Temporal changes in the abundance, leaf growth and photosynthesis of three co-occurring Philippine seagrasses

N. S.R. Agawin*, Carlos Duarte, M. D. Fortes, J. S. Uri, J. E. Vermaat

*Corresponding author for this work

Research output: Contribution to journalArticlepeer-review

36 Scopus citations

Abstract

The analysis of the temporal changes in shoot density, areal leaf biomass, leaf growth and parameters of the photosynthesis-irradiance relationship of three tropical seagrass species (Enhalus acoroides, Thalassia hemprichii and Cymodocea rotundata), co-existing in a shallow subtidal meadow in Cape Bolinao, Philippines, shows that species-specific traits are significant sources of temporal variability, and indicates that these seagrass species respond differently to a common environmental forcing. Species-specific differences are much less important as source of variability of the temporal change in chlorophyll concentration of seagrass leaves. The results indicate that the temporal changes in photosynthetic performance of these seagrasses were driven by environmental forcing and their specific responses to it mostly, but the temporal change in their abundance and leaf growth was also controlled by other factors. The significant contribution of species-specific factors in the temporal changes of biomass, growth and photosynthetic performance of co-occurring seagrass species in Cape Bolinao should contribute to the maintenance of the multispecific, highly productive meadows characteristic of pristine coastal ecosystems in Southeast (SE) Asia.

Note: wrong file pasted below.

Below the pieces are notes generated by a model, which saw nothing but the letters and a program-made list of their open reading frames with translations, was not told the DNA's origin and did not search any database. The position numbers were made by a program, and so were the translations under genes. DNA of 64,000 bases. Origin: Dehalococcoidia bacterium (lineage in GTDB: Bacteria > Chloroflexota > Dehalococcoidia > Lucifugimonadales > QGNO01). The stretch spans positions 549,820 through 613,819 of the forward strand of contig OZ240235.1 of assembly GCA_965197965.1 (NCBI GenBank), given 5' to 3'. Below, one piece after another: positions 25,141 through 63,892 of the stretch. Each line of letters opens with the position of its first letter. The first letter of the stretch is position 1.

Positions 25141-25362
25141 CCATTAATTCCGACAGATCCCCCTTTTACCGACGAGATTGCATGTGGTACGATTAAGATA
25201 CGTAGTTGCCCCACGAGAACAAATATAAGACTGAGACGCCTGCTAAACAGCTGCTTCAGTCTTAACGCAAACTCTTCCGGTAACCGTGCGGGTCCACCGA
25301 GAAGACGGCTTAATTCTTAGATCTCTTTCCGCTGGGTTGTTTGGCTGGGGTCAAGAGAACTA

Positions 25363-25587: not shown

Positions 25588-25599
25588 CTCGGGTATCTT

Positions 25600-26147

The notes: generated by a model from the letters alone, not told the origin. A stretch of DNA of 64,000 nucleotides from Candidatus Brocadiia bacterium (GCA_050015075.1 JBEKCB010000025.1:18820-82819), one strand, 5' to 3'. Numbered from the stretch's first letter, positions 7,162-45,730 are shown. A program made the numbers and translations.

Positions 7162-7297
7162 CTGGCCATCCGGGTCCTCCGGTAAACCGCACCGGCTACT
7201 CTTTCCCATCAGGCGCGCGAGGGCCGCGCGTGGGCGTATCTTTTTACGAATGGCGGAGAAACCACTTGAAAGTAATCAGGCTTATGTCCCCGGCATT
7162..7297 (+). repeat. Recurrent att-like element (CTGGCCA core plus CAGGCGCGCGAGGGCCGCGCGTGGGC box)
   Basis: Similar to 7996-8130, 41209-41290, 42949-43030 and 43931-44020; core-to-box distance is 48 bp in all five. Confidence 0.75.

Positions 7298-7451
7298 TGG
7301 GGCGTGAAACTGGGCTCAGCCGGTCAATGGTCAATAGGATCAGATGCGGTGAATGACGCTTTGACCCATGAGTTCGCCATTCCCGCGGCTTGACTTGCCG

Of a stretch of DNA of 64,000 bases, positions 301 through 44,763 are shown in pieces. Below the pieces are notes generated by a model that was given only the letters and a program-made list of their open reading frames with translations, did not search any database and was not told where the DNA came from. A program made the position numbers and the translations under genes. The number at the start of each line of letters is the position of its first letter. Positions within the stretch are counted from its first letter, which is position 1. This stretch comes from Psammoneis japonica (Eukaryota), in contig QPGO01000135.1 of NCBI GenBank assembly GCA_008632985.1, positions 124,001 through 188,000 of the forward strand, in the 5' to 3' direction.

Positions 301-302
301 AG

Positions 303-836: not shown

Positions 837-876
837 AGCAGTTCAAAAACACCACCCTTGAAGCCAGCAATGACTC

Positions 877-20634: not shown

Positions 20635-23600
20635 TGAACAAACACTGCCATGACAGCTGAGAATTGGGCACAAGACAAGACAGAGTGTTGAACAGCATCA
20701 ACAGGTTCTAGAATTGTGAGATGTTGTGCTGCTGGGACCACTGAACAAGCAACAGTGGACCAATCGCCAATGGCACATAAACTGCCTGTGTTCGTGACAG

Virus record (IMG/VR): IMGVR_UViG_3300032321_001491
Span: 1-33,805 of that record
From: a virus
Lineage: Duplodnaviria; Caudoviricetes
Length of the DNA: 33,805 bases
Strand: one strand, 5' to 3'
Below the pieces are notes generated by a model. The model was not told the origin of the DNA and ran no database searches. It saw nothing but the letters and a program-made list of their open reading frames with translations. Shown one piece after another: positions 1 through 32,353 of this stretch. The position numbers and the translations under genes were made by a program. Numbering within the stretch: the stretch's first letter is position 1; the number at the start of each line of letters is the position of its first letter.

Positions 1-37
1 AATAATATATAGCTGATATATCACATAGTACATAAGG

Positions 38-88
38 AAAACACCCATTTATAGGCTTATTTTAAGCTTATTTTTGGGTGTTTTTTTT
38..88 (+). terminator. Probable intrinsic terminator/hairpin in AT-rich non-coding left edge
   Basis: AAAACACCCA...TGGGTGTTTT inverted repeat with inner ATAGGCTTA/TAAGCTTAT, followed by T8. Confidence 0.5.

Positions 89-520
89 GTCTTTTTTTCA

Original languageEnglish (US)
Pages (from-to)217-239
Number of pages23
JournalJournal of Experimental Marine Biology and Ecology
Volume260
Issue number2
DOIs
StatePublished - Jun 1 2001

Keywords

  • Mixed seagrass meadow
  • Photosynthesis
  • SE Asia
  • Seagrass biomass and growth
  • Temporal variability

ASJC Scopus subject areas

  • Ecology, Evolution, Behavior and Systematics
  • Aquatic Science

Fingerprint Dive into the research topics of 'Temporal changes in the abundance, leaf growth and photosynthesis of three co-occurring Philippine seagrasses'. Together they form a unique fingerprint.

Cite this